“You can drive for a hard hour and you’re still in Marin County,” Robertson said. “I was there for a short bit and then I went to the Oakland area, the concrete jungle. Very high call volume, lots of gang stuff, lots of fires. But it was northern California, one day you could be working a warehouse fire, and the next day you’re being deployed to a wildland fire. Almost all of the urban fire departments there can deploy as a wildland crew. They’ll often even have a wildland rig.”

You may think you’ve had a taste of what wildland firefighting in California looks like through the TV series Fire Country, but, funny enough the show actually shoots in British Columbia and Robertson says, like many TV shows the reality is often far from how it’s portrayed on TV.

The job of a firefighter is not easy on the body and a spate of injuries put Robertson out of the game for a while. He severed a bicep tendon, and “shredded” his shoulder, he’s blown out a knee and had one of his thumbs reconstructed.

“I got pulled back into it initially as a training officer as a captain in Napa County Cal Fire and moved on up to chief of training and then a chief within that county,” Robertson said.

Robertson was in the process of moving back to Canada when the COVID-19 Pandemic hit in March 2020.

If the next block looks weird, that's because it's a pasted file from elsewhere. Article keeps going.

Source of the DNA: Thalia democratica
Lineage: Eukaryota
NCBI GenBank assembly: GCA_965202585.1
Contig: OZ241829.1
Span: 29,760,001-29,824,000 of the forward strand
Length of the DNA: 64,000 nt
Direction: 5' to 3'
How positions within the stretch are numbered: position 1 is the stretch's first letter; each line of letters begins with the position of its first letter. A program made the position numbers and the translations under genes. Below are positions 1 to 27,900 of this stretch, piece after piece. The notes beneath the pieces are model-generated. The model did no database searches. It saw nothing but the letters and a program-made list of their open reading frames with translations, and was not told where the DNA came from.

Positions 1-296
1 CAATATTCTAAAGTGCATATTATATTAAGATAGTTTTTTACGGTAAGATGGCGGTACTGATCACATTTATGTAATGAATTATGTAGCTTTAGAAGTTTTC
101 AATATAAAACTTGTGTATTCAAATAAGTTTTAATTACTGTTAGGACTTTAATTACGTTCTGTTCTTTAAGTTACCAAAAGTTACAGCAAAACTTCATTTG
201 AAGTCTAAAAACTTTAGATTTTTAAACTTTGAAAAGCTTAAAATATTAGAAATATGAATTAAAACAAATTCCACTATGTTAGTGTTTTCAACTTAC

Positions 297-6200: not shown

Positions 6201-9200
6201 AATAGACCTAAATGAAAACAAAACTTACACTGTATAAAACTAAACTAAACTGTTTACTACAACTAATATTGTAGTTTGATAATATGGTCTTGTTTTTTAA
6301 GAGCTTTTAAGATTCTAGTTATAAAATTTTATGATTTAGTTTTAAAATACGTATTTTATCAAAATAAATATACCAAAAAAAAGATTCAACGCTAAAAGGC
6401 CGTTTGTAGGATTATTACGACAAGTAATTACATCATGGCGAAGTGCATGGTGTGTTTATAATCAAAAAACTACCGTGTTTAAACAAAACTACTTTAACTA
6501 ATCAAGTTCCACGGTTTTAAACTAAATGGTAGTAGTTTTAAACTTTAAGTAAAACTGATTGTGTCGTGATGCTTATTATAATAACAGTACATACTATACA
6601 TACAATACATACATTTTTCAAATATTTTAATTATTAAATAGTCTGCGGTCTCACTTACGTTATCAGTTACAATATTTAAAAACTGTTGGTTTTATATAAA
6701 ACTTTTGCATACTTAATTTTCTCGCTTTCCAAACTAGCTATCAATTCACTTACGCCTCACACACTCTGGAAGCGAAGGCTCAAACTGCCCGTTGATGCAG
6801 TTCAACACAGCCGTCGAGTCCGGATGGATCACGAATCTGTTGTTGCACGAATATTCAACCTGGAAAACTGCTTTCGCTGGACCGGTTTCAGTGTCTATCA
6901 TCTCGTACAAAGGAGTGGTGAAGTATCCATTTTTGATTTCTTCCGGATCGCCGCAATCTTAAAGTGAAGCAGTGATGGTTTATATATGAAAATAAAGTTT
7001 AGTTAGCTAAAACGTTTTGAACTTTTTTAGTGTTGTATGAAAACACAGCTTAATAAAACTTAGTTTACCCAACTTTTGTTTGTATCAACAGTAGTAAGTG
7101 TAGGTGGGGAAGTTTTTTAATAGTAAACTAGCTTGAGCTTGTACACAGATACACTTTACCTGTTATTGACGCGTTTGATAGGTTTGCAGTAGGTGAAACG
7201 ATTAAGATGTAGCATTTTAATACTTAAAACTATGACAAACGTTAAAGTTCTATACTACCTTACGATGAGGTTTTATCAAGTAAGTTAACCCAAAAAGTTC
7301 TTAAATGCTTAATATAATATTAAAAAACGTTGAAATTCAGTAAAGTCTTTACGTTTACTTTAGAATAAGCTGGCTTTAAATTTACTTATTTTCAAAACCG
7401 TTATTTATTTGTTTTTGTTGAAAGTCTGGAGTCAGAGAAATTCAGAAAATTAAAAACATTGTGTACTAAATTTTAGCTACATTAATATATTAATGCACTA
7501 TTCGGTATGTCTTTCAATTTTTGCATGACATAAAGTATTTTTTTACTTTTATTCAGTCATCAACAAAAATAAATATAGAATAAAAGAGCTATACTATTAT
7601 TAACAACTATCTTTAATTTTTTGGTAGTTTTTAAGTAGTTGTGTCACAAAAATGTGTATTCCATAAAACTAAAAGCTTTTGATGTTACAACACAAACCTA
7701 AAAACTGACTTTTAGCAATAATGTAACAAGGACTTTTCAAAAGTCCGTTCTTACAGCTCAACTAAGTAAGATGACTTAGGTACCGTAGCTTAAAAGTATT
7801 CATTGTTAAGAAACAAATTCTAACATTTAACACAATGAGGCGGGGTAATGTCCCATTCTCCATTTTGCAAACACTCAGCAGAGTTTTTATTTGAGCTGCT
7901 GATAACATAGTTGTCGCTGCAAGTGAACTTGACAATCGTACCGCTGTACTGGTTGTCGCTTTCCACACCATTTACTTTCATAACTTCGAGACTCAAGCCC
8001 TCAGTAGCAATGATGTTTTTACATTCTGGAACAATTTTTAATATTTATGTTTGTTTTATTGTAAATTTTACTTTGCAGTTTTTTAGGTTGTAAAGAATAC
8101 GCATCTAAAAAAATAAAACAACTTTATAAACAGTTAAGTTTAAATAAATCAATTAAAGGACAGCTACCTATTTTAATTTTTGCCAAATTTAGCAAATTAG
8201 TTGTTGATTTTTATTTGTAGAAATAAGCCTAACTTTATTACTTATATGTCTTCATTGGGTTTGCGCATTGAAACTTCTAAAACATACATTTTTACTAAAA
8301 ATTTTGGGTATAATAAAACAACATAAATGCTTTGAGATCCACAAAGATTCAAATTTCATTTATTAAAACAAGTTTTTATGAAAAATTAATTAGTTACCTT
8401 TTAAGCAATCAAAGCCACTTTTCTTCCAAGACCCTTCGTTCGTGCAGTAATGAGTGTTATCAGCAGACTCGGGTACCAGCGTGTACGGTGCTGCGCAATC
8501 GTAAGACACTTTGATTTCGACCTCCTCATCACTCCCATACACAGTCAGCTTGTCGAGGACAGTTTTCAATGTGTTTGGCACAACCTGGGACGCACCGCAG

“I rolled out of California for a job running the Nova Scotia firefighter school in Halifax that week in March when everything started shutting down,” he said. “Thankfully I’m Canadian so that made it easy getting into Canada.”

Unfortunately the school in Nova Scotia was shut down during COVID and Robertson bounced around during the pandemic.

“I bounced around to a couple different fire academies, at one point I was going to open up my own which was crazy,” he said. “I don’t know if you can imagine what you would need to run a fire academy but it was way too much [money] for my liking.”

He spent some time working as a consultant in the first responder sector for a few tech companies and in the course of that consultant work he was also helping with training and other things.